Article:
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The Brief: Hot Contests Raise Primary Turnout Expectations High

Texans can begin casting votes ahead of the March 1 party primaries starting today. Elections officials are expecting a high turnout driven by competitive presidential races in both major parties.

Early voting at the Acres Home Multiservice Center in Houston on Oct. 26, 2014.

The Big Conversation

Texans can begin casting votes ahead of the March 1 party primaries starting today. Elections officials are expecting a high turnout driven by competitive presidential races in both major parties.

Harris County Clerk Stan Stanart told the Tribune’s Jay Root that requests for mail-in ballots there are already at record levels.

“All told, Stanart said he expected close to 400,000 people will cast primary ballots in the state’s largest county. Whereas Democrats dominated interest in 2008, Stanart predicted three-quarters of the turnout in Harris County will be on the Republican side, where native son Ted Cruz and New York billionaire Donald Trump are duking it out at the top of a shrinking list of GOP candidates.”

In 2008, participation in the primaries surged as a result of the high-profile showdown between Barack Obama and Hillary Clinton. The number of votes cast in the Democratic primary more than tripled from four years before — from about 840,000 votes to close to 2.9 million votes.

Turnout that year was significantly higher also on the Republican side with almost 1.4 million votes cast.

Jim Henson, director of the Texas Politics Project at the University of Texas at Austin, said the record high turnout in 2008 remains an ‘outlier’ that will be hard to surpass,” Root wrote. “But he said the fierce competition in the GOP race will make 2016 one for the history books — and could approach the levels set eight years ago.”

Disclosure: The University of Texas at Austin is a corporate sponsor of The Texas Tribune. A complete list of Tribune donors and sponsors can be viewed here.

Trib Must Reads

Texas Sheriffs, Jails on Immigration Front Line, by Morgan Smith and Terri Langford — The federal government stands poised to deport immigrants who commit serious crimes in the United States — provided someone else catches them first. The success of federal efforts to detain criminal immigrants depends largely on local sheriffs. This story is part of our "Bordering on Insecurity" series.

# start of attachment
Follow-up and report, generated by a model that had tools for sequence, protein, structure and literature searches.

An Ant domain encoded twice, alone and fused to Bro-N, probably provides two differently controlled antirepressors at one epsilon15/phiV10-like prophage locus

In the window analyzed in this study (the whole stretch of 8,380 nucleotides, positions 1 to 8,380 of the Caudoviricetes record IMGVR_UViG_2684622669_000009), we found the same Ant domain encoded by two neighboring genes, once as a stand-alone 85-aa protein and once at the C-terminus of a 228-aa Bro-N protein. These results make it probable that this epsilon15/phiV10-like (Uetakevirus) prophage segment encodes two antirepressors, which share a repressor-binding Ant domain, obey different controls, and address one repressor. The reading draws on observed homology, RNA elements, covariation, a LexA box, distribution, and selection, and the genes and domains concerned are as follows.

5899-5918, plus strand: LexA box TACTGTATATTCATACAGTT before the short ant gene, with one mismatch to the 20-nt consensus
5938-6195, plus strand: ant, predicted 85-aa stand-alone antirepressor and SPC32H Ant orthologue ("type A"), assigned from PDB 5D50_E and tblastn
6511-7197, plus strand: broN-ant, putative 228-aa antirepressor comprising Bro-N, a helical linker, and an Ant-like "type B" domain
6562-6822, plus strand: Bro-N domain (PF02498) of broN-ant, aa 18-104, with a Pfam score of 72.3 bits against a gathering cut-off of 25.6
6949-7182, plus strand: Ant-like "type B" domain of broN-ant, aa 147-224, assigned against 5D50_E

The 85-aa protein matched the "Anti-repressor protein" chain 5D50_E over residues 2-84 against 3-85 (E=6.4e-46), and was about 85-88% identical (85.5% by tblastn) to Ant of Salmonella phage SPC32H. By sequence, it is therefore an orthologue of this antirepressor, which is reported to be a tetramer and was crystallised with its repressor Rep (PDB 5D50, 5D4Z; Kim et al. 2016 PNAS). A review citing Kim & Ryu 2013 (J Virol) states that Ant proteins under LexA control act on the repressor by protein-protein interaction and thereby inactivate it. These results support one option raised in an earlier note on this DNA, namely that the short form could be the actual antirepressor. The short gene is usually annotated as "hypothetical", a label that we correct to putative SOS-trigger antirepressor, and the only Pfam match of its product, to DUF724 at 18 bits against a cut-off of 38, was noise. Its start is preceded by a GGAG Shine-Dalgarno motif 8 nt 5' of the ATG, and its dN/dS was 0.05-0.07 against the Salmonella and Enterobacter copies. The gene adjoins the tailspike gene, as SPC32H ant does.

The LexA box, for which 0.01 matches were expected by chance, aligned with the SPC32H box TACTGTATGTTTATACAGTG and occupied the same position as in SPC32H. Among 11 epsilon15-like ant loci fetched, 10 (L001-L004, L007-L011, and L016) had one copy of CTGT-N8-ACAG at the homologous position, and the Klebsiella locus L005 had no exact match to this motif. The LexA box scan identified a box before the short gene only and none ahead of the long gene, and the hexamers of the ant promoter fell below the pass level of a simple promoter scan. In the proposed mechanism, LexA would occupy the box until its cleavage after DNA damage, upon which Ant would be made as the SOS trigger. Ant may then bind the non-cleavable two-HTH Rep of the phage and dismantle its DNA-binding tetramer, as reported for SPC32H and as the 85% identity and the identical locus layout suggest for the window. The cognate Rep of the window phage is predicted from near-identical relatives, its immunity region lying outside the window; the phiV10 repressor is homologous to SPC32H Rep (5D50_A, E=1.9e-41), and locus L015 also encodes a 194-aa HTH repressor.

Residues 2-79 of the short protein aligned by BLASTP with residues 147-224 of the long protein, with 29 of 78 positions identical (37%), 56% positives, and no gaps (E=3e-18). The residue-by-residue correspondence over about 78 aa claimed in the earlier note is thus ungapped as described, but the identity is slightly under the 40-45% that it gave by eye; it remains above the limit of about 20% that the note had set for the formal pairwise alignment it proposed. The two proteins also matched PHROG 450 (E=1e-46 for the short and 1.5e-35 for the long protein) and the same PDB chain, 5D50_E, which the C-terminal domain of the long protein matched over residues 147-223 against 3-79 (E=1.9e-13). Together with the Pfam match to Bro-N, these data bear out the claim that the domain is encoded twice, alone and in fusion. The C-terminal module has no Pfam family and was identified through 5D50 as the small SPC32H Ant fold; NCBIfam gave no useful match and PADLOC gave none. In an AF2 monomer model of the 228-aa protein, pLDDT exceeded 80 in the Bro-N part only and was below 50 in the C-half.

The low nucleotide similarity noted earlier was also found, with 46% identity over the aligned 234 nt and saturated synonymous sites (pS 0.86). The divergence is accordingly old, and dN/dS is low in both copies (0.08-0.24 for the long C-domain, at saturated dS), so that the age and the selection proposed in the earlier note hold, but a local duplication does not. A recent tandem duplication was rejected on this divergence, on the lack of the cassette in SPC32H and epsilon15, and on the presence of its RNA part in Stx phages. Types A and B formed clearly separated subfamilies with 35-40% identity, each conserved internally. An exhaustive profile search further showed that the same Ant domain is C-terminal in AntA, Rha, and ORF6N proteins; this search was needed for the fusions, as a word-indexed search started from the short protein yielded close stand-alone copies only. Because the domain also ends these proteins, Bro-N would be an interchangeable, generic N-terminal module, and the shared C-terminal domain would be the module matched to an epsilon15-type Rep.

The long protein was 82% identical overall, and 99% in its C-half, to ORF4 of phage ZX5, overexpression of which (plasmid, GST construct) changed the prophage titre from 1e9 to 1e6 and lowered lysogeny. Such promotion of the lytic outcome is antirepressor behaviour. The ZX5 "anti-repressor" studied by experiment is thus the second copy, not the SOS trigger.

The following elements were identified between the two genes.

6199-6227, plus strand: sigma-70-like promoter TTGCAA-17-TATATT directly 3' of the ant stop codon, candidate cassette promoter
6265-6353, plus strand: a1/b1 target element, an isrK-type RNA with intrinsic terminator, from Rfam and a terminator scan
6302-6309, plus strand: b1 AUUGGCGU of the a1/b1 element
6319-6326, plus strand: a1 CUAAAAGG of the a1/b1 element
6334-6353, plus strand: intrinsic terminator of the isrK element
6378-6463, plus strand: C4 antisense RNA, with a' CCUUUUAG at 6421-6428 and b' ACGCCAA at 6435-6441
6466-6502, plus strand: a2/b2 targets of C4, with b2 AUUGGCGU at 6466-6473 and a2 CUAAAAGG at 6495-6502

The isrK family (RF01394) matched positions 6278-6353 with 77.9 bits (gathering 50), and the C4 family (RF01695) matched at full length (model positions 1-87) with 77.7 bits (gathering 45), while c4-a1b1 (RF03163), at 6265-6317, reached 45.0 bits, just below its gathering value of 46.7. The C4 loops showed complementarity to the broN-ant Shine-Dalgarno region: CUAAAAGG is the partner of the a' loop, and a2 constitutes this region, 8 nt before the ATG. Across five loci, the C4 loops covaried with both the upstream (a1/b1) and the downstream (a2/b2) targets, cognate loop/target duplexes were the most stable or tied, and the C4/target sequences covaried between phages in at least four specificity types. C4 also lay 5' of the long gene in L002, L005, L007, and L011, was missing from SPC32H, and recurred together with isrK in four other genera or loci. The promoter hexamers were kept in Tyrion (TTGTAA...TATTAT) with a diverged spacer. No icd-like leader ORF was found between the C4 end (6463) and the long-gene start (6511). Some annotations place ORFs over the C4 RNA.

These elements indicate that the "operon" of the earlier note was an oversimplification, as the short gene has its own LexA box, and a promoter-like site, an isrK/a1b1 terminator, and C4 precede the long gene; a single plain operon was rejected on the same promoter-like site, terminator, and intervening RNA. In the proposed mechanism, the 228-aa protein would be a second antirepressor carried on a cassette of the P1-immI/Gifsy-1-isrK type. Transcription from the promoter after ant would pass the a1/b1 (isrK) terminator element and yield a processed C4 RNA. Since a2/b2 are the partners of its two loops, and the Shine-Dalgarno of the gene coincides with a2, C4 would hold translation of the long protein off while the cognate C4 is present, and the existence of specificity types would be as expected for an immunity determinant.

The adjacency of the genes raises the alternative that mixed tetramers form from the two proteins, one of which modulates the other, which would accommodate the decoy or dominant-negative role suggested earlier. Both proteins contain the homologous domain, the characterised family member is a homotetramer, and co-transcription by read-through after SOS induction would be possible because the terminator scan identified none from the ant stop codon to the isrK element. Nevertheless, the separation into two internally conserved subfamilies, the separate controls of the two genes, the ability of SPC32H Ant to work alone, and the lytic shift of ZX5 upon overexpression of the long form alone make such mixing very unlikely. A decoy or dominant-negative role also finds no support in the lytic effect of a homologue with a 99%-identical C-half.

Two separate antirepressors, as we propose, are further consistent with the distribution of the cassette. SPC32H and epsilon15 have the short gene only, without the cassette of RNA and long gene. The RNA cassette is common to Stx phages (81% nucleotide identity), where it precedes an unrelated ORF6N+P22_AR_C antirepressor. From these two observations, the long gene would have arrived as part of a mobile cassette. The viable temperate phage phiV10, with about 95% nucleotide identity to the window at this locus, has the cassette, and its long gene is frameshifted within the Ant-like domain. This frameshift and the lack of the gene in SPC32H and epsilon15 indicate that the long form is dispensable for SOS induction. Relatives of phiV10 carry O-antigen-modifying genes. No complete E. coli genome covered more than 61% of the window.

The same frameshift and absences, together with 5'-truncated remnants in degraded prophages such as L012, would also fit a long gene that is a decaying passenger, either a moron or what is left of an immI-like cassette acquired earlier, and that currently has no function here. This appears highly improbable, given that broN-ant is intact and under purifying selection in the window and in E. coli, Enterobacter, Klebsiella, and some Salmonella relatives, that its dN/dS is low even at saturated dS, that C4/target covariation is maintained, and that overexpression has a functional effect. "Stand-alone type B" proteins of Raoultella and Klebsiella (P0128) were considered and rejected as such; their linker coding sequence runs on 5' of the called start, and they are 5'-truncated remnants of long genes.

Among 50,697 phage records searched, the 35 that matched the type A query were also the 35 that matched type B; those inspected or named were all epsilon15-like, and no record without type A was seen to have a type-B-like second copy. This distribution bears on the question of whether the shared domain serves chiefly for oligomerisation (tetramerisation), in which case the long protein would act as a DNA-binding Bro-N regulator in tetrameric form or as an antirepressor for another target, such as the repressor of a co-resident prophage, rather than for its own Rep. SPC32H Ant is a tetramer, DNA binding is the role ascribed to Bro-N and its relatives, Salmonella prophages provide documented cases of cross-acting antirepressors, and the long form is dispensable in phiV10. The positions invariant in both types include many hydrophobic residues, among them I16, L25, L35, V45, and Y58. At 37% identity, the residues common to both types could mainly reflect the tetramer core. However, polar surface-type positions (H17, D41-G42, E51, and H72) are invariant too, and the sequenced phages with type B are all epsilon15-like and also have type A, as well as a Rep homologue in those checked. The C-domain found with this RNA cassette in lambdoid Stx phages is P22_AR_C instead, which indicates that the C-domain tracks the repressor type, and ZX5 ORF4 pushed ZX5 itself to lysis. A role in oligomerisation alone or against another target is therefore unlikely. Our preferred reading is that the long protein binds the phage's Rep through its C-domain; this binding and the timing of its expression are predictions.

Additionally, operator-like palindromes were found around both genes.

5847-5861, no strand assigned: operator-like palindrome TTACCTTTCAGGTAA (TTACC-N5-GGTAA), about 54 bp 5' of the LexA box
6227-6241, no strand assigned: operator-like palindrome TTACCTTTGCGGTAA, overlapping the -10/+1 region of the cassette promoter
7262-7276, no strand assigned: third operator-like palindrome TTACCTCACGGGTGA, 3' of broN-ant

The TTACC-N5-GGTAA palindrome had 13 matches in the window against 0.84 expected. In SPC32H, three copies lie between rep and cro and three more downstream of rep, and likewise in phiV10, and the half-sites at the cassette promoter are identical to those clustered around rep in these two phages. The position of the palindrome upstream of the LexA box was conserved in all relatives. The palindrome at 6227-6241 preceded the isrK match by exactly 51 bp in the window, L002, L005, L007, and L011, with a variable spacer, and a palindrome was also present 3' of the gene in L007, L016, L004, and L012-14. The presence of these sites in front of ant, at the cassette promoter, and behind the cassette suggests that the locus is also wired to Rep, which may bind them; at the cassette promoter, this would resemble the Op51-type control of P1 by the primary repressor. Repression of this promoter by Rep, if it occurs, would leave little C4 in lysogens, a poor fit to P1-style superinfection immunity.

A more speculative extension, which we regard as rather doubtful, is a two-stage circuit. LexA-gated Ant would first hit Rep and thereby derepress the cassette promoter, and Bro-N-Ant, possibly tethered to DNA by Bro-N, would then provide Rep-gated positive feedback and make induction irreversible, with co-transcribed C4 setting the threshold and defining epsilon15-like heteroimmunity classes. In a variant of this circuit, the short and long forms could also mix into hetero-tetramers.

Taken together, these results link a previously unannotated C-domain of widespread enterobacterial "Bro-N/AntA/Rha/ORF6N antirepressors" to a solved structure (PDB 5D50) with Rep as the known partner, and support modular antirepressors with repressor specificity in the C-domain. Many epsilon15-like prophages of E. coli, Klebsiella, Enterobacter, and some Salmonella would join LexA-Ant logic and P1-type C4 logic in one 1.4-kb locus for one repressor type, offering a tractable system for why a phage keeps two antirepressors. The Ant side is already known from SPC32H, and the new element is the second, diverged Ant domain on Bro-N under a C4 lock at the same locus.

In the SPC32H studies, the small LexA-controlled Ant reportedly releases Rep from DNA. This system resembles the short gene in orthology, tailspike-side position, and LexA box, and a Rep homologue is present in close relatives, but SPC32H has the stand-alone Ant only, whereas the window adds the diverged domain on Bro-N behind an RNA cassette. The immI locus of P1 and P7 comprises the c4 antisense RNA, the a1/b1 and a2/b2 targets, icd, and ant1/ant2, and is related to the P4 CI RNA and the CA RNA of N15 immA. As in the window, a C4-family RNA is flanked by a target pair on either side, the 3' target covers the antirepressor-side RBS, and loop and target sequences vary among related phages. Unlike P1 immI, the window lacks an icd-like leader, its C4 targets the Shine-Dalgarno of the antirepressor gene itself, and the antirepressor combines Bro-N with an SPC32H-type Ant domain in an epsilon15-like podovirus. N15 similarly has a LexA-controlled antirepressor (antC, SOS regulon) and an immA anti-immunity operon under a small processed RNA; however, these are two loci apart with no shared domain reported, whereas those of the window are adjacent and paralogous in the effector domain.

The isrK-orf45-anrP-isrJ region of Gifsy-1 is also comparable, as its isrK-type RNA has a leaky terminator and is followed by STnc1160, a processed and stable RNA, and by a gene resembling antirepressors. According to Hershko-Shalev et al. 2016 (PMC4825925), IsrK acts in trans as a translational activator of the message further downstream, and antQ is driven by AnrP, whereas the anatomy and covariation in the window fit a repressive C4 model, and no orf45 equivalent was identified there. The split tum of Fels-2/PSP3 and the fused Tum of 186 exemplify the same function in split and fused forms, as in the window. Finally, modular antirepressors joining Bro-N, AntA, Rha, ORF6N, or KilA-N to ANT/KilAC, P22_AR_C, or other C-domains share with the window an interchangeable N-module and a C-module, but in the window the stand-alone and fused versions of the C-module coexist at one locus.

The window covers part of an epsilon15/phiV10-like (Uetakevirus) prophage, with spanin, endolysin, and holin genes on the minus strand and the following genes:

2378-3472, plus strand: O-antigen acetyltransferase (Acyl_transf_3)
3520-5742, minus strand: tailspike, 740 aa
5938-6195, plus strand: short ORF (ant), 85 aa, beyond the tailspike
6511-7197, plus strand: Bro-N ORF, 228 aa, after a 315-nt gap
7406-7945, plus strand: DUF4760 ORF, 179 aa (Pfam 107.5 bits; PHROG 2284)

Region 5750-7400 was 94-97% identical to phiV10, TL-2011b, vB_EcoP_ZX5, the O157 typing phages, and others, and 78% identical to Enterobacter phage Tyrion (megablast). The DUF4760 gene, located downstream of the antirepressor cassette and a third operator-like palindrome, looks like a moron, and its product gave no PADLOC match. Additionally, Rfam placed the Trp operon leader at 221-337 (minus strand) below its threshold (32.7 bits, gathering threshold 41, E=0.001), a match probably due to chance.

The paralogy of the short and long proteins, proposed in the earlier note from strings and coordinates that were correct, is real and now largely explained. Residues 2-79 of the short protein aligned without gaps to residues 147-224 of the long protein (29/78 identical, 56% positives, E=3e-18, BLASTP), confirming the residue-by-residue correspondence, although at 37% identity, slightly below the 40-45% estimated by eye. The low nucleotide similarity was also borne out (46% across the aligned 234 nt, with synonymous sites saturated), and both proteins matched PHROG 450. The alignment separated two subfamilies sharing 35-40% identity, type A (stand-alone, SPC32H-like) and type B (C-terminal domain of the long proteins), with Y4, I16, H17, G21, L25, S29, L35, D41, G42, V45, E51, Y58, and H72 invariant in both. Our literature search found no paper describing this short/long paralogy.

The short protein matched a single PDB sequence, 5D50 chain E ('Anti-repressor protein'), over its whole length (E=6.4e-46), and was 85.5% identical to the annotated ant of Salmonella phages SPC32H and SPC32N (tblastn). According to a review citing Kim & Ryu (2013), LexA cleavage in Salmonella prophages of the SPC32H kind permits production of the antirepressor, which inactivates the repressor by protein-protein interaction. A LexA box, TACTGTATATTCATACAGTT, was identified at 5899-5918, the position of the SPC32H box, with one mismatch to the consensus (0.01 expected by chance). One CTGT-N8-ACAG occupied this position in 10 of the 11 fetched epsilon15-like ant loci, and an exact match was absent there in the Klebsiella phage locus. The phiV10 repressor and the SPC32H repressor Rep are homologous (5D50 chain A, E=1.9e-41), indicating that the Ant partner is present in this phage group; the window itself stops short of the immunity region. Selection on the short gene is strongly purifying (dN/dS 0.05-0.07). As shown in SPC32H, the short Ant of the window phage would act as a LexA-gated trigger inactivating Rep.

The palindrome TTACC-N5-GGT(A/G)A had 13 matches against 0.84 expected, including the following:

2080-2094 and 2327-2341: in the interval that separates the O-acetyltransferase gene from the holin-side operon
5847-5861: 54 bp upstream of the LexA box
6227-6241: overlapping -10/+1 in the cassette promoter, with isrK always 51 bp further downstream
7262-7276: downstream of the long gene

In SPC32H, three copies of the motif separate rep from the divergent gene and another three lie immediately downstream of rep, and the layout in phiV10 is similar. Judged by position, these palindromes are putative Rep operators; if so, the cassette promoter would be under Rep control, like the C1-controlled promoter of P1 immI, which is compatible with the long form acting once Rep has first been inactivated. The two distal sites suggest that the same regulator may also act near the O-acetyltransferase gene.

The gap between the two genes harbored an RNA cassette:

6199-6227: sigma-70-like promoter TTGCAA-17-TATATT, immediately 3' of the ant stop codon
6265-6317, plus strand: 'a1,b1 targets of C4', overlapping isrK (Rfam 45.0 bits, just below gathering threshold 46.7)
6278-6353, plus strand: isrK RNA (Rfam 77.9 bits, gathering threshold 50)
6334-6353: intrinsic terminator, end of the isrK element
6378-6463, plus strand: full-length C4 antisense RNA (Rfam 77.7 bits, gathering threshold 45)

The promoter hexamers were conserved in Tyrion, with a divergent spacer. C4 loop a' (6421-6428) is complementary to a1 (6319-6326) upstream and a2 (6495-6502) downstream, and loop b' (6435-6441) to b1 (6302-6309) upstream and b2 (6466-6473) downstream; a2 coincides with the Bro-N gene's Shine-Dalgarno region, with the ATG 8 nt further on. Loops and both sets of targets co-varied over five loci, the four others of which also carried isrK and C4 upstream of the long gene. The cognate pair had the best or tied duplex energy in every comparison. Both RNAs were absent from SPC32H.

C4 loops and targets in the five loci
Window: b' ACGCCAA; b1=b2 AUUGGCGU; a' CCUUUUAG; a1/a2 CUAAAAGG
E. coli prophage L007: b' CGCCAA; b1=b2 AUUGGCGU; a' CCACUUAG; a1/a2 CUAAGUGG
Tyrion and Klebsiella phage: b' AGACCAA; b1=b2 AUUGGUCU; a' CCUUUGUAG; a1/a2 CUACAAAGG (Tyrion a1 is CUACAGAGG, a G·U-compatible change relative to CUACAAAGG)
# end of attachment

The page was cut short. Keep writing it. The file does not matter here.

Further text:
In Central Texas House Race, Candidates Disagree on Speaker, by Jamie Lovegrove — While state Rep. Marsha Farney and challenger Terry Wilson share conservative views on abortion and immigration, they differ on whether to support House Speaker Joe Straus.

Execution Set for Man Involved in Death Row Escape, by Jolie McCullough — After 24 years on death row, a re-sentencing trial and an escape attempt, Gustavo Julian Garcia, 43, is scheduled for execution Tuesday night. 

Pro-Cruz Super PAC Steps Up Efforts in Nevada, by Patrick Svitek — One of the main super PACs supporting Ted Cruz is stepping up its efforts in Nevada, launching a major TV ad buy and boosting its field operation with just over a week until the state's caucuses. 

Federal Lawsuit Claims Excessive Force by Austin Police, by Jordan Rudner — One week after an Austin police officer shot and killed an unarmed, black 17-year-old, two San Antonio tourists filed a federal excessive force lawsuit against several Austin Police Department officers. 

Benchmark Cruz, Trump Vitriol Hits New High, by Patrick Svitek — The feud between Ted Cruz and Donald Trump soared to new heights of animosity Monday as the billionaire and U.S. senator from Texas traded accusations of dishonesty and desperation. 

The Day Ahead

•    Today marks the beginning of early voting, which runs through Feb. 26, for the March 1 primary elections.


At 85, Rep. Sam Johnson has rivals’ respect — but still has rivals, The Dallas Morning News 

Juárenses, profiteers ready for Pope Francis, El Paso Times

Speaker race mentioned at forum, Odessa American 

Pregnant woman among those tested for Zika as Bexar officials prepare for bigger battle, San Antonio Express-News

George W. Bush comes to little brother’s aid in South Carolina, Fort Worth Star-Telegram

Handful of migrants, refugees will greet Pope Francis as he walks along U.S.-Mexico border, The Dallas Morning News

Bush comes under fire in Rollover Pass dispute, Houston Chronicle

More Texas children got insurance in ACA's first year, Houston Chronicle

Conspiracy theories swirl around the death of Antonin Scalia, The Washington Post 

Scalia's death could affect outcomes of Texas cases, Houston Chronicle

Quote to Note

"There seems to be a lot of name-calling going on, but I want to remind you what our good dad told me one time. Labels are for soup cans."

— Former President George W. Bush, stumping for his younger brother, Jeb Bush, in South Carolina.

Today in TribTalk

Turning Texas blue is about more than just a Democratic governor, by Wayne Thorburn — While I hate giving advice to the opposition, if the Democrats are going to once again be dominant, reconstructing the grass roots of the party is essential.

Trib Events for the Calendar

•    A Conversation with Sen. Eddie Lucio Jr. and Rep. Jose Manuel Lozano on Feb. 25 at Texas A&M University-Kingsville

•    Live Post-Primary TribCast on March 2 at the Austin Club

•    Protecting Houston Before the Next Big Storm on March 3 at San Jacinto College Maritime Technology and Training Center in La Porte.

•    A Conversation with Sid Miller, Texas Agriculture Commissioner on March 10 at the Austin Club

•    A Conversation with Sen. Carlos Uresti and Rep. Poncho Nevárez on April 13 at Sul Ross State University in Alpine

•    A Symposium on the Texas Economy on April 29 at the University of Houston

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